She was fine, by the way.
There was a moment where my dad, having been unresponsive to my attempts, suddenly coughed up a weird black-colored fluid and I thought for a second that I’d been successful in my efforts. It was not the case. That was, from my understanding- when he actually died. The guilt and the image haunted me for years.
I didn’t realize the fluid was all over my clothes until later on at the hospital when a nurse- coming out to sit beside me in the waiting room- quietly offered me some scrubs to put on while I stared at an unfortunate-looking painting on the wall. I don’t remember if I ever answered her.
I burned the still-stained clothes weeks later.
Those memories are vivid- but I do not remember the drive to the hospital. I don’t remember calling my best friend to tell him what had happened (he does, of course.) and I don’t remember calling my boss to tell him I wouldn’t be at work the next day- although apparently it was something I did in my foggy state of mind.
I write all this not to illicit sympathy or make anyone feel uncomfortable- but to talk about how seven years has past and I am, in many ways- still traumatized. Although I no longer have daily panic attacks, dizzy spells, uncontrollable sobbing fits or punch-the-wall-bouts of rage- there are still some things that trigger a good cry out of me: A song. A movie on TV. Finding old cards or letters. Writing this- which I’ve had to stop doing more than once to shed some tears and wipe my nose.
The last thing my father got to see me accomplish before he became too ill to really go out and about was my graduating college- the first of his children to do so. He beamed with pride and had me take no less than 300 photos holding my degree alongside him.
But, seven years later- and he’s missed so much change and growth in our family. I wonder what he’d think of my new apartment, of my new neighborhood- of the friends I’m making and the work I’m doing. I wonder what he’d think of my brothers and I and the way we sit around the dinner table with my mom and how we all have such different personality traits but some that are clearly and most certainly inherited from him. I wonder what he’d think of my niece- his granddaughter- and how she acts exactly. like. my. brother did when he was that age.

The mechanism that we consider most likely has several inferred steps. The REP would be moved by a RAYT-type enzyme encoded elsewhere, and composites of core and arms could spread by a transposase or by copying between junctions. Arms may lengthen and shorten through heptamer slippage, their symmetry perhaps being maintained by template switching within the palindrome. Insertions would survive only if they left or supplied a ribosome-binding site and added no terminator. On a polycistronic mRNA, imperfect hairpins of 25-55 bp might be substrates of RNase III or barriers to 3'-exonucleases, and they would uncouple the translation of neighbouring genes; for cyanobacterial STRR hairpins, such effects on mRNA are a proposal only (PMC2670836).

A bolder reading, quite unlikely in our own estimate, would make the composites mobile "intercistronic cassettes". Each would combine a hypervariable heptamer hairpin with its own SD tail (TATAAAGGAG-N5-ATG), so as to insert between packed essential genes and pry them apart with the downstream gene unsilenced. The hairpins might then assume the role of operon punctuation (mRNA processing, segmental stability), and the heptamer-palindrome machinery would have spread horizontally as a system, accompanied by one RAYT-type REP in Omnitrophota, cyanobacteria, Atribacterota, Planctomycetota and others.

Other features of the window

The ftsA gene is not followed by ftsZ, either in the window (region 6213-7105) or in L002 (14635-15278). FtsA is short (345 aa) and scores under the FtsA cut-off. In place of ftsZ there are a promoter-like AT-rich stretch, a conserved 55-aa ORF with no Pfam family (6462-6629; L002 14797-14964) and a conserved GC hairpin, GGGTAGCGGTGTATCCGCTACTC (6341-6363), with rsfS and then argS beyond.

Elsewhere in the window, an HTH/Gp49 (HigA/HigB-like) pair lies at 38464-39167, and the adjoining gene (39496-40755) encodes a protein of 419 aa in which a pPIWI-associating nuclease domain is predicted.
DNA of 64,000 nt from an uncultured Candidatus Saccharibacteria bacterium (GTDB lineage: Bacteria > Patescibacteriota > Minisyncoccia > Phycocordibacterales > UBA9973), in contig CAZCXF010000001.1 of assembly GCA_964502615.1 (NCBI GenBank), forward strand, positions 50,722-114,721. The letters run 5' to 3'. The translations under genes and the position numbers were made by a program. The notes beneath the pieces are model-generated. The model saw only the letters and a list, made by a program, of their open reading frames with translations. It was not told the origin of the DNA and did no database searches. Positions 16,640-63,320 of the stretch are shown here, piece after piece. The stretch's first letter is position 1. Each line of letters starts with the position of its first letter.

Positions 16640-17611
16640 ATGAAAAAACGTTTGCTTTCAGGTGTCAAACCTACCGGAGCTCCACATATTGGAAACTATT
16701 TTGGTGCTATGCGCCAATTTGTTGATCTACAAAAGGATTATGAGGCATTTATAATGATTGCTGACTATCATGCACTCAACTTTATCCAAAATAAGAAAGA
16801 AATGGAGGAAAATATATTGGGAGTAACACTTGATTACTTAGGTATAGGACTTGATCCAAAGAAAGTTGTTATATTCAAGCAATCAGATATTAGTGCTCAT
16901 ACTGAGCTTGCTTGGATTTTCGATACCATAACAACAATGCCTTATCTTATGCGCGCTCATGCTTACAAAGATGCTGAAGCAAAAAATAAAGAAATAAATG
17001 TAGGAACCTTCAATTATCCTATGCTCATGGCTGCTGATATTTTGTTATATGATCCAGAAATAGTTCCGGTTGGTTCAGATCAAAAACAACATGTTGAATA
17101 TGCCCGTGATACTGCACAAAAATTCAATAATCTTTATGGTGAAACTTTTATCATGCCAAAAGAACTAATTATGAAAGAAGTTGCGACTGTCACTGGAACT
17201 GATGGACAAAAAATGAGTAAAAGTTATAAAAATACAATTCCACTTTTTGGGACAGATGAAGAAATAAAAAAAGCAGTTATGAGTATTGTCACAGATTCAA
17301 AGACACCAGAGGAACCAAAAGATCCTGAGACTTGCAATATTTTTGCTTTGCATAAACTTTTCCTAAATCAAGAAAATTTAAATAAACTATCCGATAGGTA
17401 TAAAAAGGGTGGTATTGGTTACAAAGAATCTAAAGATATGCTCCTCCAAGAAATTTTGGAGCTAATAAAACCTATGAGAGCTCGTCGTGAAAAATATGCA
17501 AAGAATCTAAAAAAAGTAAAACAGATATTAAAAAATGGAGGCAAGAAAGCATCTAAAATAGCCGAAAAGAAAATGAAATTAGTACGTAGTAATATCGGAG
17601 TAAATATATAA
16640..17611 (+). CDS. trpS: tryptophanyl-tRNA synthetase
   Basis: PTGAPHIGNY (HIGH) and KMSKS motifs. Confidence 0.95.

And I wonder if he’d want my mom to carry on his dream of moving somewhere in the Carolinas and never having to shovel snow ever again. I’d like to think he would.
Some days I feel cheated- deprived of all the things a daughter should have with her father. He’ll never walk me down the aisle or dance with me at my wedding (if I ever take that plunge.) He’ll never come along on spontaneous road trips or try hole-in-the-wall restaurants with me anymore. He missed my turning thirty and he won’t be there to rag on me for turning forty, either.
My father will never get to see me become the woman I was meant to become- and that is the most heartbreaking realization of all.
But, as life goes on- as I move forward with the help of therapy and good friends and my tight-knit family- and time begins to heal some of those wounds- I know that the only thing I can do is live the life he wanted me to have and make it as adventurous, fun, successful and filled with as much love as he envisioned. I cannot dwell on the past- on my sadness or my anger or the “what ifs” and “what could have beens.” That is time wasted and all I have is right now, these moments- and the moments that follow.
Additionally, it’s worth repeating a lesson most of us know but sometimes need reminding of: be good to the people in your life that you love and care about. Cherish your time with them. Love them openly and unapologetically and make sure they know it and feel that love every day. We never know how much time we or the people in our lives have left here- and losing each other is inevitable. Make the most of the time you have with one another while you can.
It has been seven years and I miss my dad every single day. I would give anything to have him here- but I’ve made great strides in my recovery and in my personal/professional life- and for that I think he’d be proud. Maybe even more proud than he was when I graduated college. Prouder than 300 photos could convey.
This past Monday was rough- but it also marks seven years since I’ve moved forward from a life-shattering trauma- and I’m still here. So that’s saying something.
Love you, dad.
– Pumpkin Pie –